Keywords: Party Control ; Grants ; Government Spending ; Taxation JEL Classification: H70 ; H71 ; D72
    Date: 2022
  13. By: David Hardt; Markus Nagler; Johannes Rincke
    Abstract: Demand for personalized online tutoring in higher education is growing but there is little research on its effectiveness. We conducted an RCT offering remote peer tutoring in micro- and macroeconomics at a German university teaching online due to the Covid-pandemic. Treated students met in small groups, in alternating weeks with and without a more senior student tutor. The treatment improved study behavior and increased contact to other students. Tutored students achieved around 30% more credits and a one grade level better GPA across treated subjects. Our findings suggest that the program reduced outcome inequality. We find no impacts on mental health.
    Keywords: tutoring, higher education, online teaching, Covid, mental health
    JEL: I20 I23 I24 I10
    Date: 2022
  14. By: Sala, Hector (Universitat Autònoma de Barcelona); Trivín, Pedro (Universitat Autònoma de Barcelona)
    Abstract: This paper studies the direct impact of households' debt on consumption over the business cycle. We use household-level panel data for Spain, and focus on a interesting period of analysis, 2002-2017, characterized by large variations in leverage, consumption, and asset prices. We find that debt levels exert a negative impact on consumption, which is particularly strong in periods of high leverage and falling asset prices. This negative effect is persistent in time and significant along the post-Great Recession deleveraging process of Spanish households. We further observe that: (i) changes in households' debt in past periods are not relevant in determining consumption; (ii) households adjust faster their consumption to debt that is non-related to real estate assets; (iii) results are not driven by the characteristics of real estate loans; and (iv) credit constraints do not play a major role in shaping the debt-consumption nexus. We conclude that, in contrast to the spending normalization hypothesis, it is debt overhang what is likely to prevail in a situation of high leverage and financial stress such as the one brought by the Great Recession. Consequently, policies preventing households to embark in excessive leverage in good times and debt relief policies in bad times have a role to play to avoid larger consumption decreases in recessive periods.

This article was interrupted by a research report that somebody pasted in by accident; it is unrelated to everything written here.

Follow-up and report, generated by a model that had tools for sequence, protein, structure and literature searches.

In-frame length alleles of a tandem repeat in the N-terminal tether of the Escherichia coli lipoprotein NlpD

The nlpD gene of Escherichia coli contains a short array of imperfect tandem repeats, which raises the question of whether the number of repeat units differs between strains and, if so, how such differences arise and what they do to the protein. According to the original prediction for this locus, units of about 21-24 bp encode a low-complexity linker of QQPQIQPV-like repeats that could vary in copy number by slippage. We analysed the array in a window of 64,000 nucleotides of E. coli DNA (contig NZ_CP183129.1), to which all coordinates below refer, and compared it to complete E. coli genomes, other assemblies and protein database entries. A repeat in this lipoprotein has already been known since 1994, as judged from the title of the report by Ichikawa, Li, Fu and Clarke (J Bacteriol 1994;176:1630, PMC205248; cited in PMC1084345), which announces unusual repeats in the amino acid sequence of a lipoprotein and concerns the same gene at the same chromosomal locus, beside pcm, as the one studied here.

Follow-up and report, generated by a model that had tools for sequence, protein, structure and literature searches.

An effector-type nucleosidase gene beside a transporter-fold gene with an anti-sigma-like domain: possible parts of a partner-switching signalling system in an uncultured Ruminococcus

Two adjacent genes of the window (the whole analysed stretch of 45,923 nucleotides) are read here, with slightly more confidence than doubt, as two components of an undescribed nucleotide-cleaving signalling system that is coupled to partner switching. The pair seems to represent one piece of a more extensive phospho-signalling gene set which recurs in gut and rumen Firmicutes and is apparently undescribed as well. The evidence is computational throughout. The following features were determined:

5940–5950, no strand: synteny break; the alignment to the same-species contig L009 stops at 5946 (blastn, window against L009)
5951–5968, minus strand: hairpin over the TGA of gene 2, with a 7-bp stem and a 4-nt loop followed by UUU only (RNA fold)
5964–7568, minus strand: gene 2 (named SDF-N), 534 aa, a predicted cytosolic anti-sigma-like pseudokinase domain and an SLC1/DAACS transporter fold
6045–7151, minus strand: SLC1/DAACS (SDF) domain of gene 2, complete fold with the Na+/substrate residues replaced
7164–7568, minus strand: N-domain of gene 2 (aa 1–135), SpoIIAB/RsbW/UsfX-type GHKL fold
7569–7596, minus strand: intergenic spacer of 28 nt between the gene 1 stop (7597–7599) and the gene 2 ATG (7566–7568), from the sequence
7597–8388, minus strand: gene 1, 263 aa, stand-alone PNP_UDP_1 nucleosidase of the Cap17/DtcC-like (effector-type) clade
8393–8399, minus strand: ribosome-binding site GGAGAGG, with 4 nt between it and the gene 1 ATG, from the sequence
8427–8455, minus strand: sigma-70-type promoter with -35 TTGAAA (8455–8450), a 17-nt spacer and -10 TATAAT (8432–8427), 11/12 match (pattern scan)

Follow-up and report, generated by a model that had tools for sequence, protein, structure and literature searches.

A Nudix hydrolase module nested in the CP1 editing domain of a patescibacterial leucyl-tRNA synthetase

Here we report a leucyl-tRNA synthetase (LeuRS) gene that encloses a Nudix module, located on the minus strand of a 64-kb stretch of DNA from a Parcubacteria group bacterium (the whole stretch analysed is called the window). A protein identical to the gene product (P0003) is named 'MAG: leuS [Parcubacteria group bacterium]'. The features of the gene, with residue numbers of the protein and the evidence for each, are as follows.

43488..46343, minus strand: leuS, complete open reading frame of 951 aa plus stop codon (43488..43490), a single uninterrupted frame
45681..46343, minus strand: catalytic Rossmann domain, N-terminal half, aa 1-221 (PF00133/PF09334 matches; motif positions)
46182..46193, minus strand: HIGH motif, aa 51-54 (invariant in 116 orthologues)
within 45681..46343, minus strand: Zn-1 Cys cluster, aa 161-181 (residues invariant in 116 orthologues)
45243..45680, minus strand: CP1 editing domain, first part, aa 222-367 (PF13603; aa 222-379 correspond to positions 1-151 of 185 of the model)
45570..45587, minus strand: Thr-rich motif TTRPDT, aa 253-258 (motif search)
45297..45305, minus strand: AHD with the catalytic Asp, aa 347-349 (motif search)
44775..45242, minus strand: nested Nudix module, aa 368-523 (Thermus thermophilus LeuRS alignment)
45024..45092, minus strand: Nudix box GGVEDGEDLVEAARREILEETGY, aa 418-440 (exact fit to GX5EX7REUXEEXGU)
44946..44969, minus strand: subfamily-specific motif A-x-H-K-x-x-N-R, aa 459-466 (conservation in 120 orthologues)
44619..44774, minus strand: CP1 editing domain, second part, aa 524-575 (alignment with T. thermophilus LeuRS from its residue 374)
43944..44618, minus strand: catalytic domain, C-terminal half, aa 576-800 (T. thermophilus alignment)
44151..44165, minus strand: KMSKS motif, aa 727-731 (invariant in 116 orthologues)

Keywords: consumption, household debt, financial stress, debt overhang, survey
    JEL: D12 D14 E21 G01 G51
    Date: 2022–04
  15. By: Immervoll, Herwig (OECD); Hyee, Raphaela (Queen Mary, University of London); Fernandez, Rodrigo (OECD); Lee, Jongmi (OECD)
    Abstract: Social protection systems use a range of entitlement criteria. First-tier support typically requires contributions or past employment in many countries, while safety net benefits are granted on the basis of need. In a context of volatile and uncertain labour markets, careful and continuous monitoring of the effectiveness of income support is a key input into an evidence-based policy process. This paper proposes a novel empirical method for monitoring the accessibility and levels of safety net benefits. It focusses on minimum-income benefits (MIB) and other non-contributory transfers and relies on data on the amounts of cash support that individuals in need receive in practice. Results show that accessibility and benefit levels differ enormously across countries – for instance, more than four out of five low-income workless one-person households received MIB in Australia, France and the United Kingdom, compared to only one in five in Greece and Italy, two countries that have since sought to strengthen aspects of safety-net provisions.
    Keywords: minimum-income benefits, accessibility, coverage, non-take-up, adequacy, poverty
    JEL: H53 H31 D31 I38 C31 C53
    Date: 2022–04